While the United States continues to see Iraqi attempts to upgrade civilian facilities that could be used in superweapons programs, a CIA report on proliferation released this week says the intelligence community has no “direct evidence” that Iraq has succeeded in reconstituting its biological, chemical, nuclear or long-range missile programs in the two years since U.N. weapons inspectors left and U.S. planes bombed Iraqi facilities.
“WE DO NOT have any direct evidence that Iraq has used the period since Desert Fox to reconstitute its Weapons of Mass Destruction programs, although given its past behavior, this type of activity must be regarded as likely,” said the agency in its semi-annual report on proliferation activities, referring to the December 1998 U.S. attacks on Iraq. U.N. inspectors left the country just before the bombing began.
“We assess that since the suspension of U.N. inspections in December of 1998, Baghdad has had the capability to reinitiate both its CW [chemical weapons] and BW [biological weapons] programs within a few weeks to months. Without an inspection monitoring program, however, it is more difficult to determine if Iraq has done so,” the report said.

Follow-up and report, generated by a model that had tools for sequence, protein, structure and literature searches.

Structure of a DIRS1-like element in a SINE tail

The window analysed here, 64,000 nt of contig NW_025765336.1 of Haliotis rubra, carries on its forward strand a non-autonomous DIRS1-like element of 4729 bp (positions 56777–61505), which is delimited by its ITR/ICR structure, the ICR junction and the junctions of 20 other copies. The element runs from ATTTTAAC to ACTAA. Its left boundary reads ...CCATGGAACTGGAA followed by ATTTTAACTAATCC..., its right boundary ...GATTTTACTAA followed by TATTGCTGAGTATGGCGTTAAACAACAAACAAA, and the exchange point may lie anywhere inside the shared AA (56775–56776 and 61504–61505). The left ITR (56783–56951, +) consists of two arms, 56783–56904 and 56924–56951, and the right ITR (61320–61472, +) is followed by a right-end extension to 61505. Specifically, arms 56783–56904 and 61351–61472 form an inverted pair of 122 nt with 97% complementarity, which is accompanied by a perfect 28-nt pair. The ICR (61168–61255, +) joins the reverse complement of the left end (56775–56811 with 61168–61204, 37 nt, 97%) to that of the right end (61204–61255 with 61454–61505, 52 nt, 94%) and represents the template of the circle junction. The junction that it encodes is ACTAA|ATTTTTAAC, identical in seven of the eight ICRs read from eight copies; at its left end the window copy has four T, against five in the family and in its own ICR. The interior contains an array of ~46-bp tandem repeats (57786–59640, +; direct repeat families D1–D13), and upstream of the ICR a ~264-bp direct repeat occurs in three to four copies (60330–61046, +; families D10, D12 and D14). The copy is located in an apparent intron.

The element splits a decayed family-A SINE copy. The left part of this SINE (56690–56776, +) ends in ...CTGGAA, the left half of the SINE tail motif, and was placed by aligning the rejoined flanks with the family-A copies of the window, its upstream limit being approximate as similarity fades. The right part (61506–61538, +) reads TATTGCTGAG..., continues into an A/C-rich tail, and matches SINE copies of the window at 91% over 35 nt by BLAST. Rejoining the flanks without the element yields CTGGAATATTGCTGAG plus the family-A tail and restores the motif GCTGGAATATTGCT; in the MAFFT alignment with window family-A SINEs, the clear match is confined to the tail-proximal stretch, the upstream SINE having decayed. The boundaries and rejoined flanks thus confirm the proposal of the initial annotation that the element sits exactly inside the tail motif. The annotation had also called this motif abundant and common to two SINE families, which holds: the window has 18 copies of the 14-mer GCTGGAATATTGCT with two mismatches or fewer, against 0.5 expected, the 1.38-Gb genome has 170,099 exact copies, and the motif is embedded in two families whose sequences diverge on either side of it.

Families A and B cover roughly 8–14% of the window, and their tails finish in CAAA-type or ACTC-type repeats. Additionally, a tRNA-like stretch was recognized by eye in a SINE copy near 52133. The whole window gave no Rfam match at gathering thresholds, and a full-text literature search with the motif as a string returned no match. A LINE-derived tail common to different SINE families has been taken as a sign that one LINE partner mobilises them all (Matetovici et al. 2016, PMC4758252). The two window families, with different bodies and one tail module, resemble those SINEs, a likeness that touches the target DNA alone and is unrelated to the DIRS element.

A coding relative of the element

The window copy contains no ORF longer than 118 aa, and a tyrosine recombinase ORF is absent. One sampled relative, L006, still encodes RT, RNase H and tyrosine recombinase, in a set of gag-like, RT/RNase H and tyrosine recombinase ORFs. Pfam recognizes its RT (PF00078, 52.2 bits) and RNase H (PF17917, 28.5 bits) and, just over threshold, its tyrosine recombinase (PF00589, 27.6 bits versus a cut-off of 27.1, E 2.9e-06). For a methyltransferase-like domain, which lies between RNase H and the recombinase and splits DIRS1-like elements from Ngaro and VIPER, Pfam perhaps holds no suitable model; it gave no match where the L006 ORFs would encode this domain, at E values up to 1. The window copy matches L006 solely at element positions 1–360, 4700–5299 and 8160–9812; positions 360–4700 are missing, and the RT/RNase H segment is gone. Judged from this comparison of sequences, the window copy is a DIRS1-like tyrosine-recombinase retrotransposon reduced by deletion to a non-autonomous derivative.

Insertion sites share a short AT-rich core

Specifically, the CIA said Iraq has rebuilt some of the factories bombed two years ago, facilities the United States believed could be turned from industrial and commercial production to weapons production. Moreover, in the 10 years since the end of the Gulf War, Iraq has made great strides in industrial production of chemical weapon precursors, the report said.
“Iraq has rebuilt key portions of its chemical production infrastructure for industrial and commercial use, as well as its missile production facilities. It has attempted to purchase numerous dual-use items for, or under the guise of, legitimate civilian use.”
Dual-use material, which is under varying degrees of regulation, includes materials that have legitimate commercial value but which can also be used in weapons production. That could include anything from aerospace parts to chemicals used as paint solvent.
Regarding biological weapons, the CIA report states that Iraq is apparently hiding a continuing program.
“Iraq continues to maintain a knowledge base and industrial infrastructure that could be used to produce quickly a large amount of BW agents at any time, if needed,” according to the CIA.
Moreover, U.S. intelligence believes that Iraq is making good progress in its attempt to develop a cruise missile-like system for delivering weapons of mass destruction, based on the Czech jet trainer, the L-29.
“It is believed that Iraq may have been conducting flights of the L-29, possibly to test system improvements or to train new pilots. These refurbished trainer aircraft are believed to have been modified for delivery of chemical or, more likely, biological warfare agents,” the report said.
As for the nuclear weapons program, Iraq’s reconstitution capabilities remain limited.
“We believe that Iraq has probably continued low-level theoretical R&D associated with its nuclear program. A sufficient source of fissile material remains Iraq’s most significant obstacle to being able to produce a nuclear weapon,” the CIA said.